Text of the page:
Friday, October 22, 2010

The final stages: An account of thesis submission and review

My PhD thesis was compiled one rushed November. I plonked together some papers with a linking page between each and wrote my introduction and discussion sections. “Don’t spend too long on it – only three people are ever going to read it”, intoned my advisor. “Keep it simple, don’t waffle on. Your papers are what count.”

Waffle I did. This was my Magnum Opus, was it not? As far as theses go it was still on the short side, but not as succinct as it could have been.

It was submitted in December. I knew it wasn’t the most carefully pruned piece of writing in history, but I was proud of my achievements. Now a move overseas. The thesis was gratefully out of mind.

It took until the end of May to receive my reviews. One assessor liked it, thought it could have been more fleshed-out, but was happy with it overall. The other assessor, a preeminent scientist in my field (assessed 50 theses, supervised 23)… hated it. Dismay. Some choice quotes from the review include:

“It wanders, it addresses important points then slides into other things. It’s a mess.”

“In conclusion, the thesis is poorly organized and self-contradictory.”


Perhaps arrogantly, this was not what I had been expecting. The positives noted were for “a substantial body of innovative experiments… that lead to provocative results”. However, upon reading the assessor’s comments, it became clear that his reading was… less than complete. He pointed out that I had not done an important control experiment, rendering some of my main conclusions invalid. However, I had indeed done this very experiment. More broadly, it seemed like this assessor had missed the central point of what I was trying to say. He saw contradictions where I did not, and seemed to miss paragraphs of my discussion where (I feel) his concerns were addressed.

The lesson I’ve learned from all this is that, just as for journal articles, it is important for a thesis to be clear and concise. Don’t feel that your introduction and general discussion must provide some great new insight, or be an epic work of deep scholarship. Summarising what you did and saying what you think it means is sufficient (even if this feels on the short side).

It also helps to consider who your markers will be, and what academic system the likely markers work in. One of my assessors (the first) was Australian – hence the feeling towards a longer thesis and “more evidence of traditional scholarship”. The second assessor worked in the US. I am told that my 103-page thesis (including preambles, but with 26 of those pages formatted as two-column journal articles) is a little on the long side for a US audience – perhaps this is why it was only skimmed?

That said, don’t worry too much about the actual thesis write-up: if the chapters are all manuscripts (hopefully submitted / accepted), you can’t go far wrong. It’s worth noting here that even though the second reviewer believed I’d missed a crucial control experiment, his recommendation was still “pass with minor revisions”. At the end of the day, my thesis passed, and three people have read it (well, some at least). Focus on turning out a couple of manuscripts during your candidature and the actual thesis becomes a formality.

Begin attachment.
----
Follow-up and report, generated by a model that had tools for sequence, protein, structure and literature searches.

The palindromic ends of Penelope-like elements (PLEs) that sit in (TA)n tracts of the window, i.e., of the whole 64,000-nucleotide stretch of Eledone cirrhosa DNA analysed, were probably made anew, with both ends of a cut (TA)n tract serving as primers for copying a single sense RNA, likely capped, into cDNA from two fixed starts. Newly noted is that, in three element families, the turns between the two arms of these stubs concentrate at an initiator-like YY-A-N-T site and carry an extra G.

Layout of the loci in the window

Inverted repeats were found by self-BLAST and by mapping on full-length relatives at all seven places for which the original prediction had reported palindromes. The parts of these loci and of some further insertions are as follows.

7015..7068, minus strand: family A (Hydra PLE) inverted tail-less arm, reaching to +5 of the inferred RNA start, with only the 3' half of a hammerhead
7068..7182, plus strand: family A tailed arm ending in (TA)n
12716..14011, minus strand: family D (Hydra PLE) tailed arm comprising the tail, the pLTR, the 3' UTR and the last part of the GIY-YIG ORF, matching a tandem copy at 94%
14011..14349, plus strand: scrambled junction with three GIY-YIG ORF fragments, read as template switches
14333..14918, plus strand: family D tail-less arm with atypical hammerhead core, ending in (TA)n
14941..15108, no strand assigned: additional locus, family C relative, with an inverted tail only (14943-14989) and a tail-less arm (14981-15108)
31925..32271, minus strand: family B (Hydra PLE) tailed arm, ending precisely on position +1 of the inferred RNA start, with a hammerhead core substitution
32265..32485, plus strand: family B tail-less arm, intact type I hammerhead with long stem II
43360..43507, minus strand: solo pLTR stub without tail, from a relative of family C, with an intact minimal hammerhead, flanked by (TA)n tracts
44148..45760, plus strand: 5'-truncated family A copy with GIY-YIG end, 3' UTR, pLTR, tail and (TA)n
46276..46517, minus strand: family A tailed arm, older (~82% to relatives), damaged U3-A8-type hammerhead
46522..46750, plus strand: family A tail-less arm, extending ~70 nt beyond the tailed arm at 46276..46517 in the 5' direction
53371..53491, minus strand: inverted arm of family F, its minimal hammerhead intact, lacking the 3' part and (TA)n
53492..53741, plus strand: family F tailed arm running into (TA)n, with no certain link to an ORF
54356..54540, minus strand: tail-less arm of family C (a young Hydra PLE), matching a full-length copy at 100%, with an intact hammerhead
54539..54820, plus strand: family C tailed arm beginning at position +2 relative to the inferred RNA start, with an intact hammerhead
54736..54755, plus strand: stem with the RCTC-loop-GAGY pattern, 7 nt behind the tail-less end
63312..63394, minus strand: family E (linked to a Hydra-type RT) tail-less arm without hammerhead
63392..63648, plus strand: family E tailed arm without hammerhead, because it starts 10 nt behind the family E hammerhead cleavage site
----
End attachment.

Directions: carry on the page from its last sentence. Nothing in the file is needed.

Tom Wallis


  1. Great post. I'm all about concise... End comment.

  2. I think the most difficult part in a thesis by publication is the last part – how to write an intro that’s different from the ones you already have in your papers? How to summarise the findings without becoming totally redundant? One advice from my supervisor that helped me a great deal was: Write it like a review paper.
    In the process, I came across 3 major problems, which resulted in 20-fold re-writing of my intro and GD. The first trap is describing extensively what’s already widely known: You can safely assume that your markers know the most important findings in your field of research, and deviating from the Honours Thesis, you don’t have to prove to your markers that you’re familiar with seminal papers. So try to avoid regurgitating well-known findings. Also, don’t fall into the trap of just summarising your thesis: The markers won’t be thrilled if they have to read the whole thing twice.
    The hallmark of a good review is that it sheds new light on findings, e.g., by providing a new interpretation of some findings, by pointing to inconsistencies in the literature, or by showing how the evidence conflicts with a widely accepted doctrine. Restrict your synopsis to issues where you have an interesting contribution to make.
    Finally, my greatest problem with the synopsis (which is however probably too idiosyncratic to be a real trap) was that I erroneously believed I had to come up with a wholly new theory or model: Fortunately, the complexity of the undertaking killed that madness. In the end, I just briefly described a collection of hypotheses that would render my results compatible with previous findings, and simply mentioned that and how these ideas were still incomplete. And I think that was a winner - for the thesis, and more importantly, for my own sanity. :-)

  3. I'm definitely going to book mark this page to come back to before I start writing my thesis.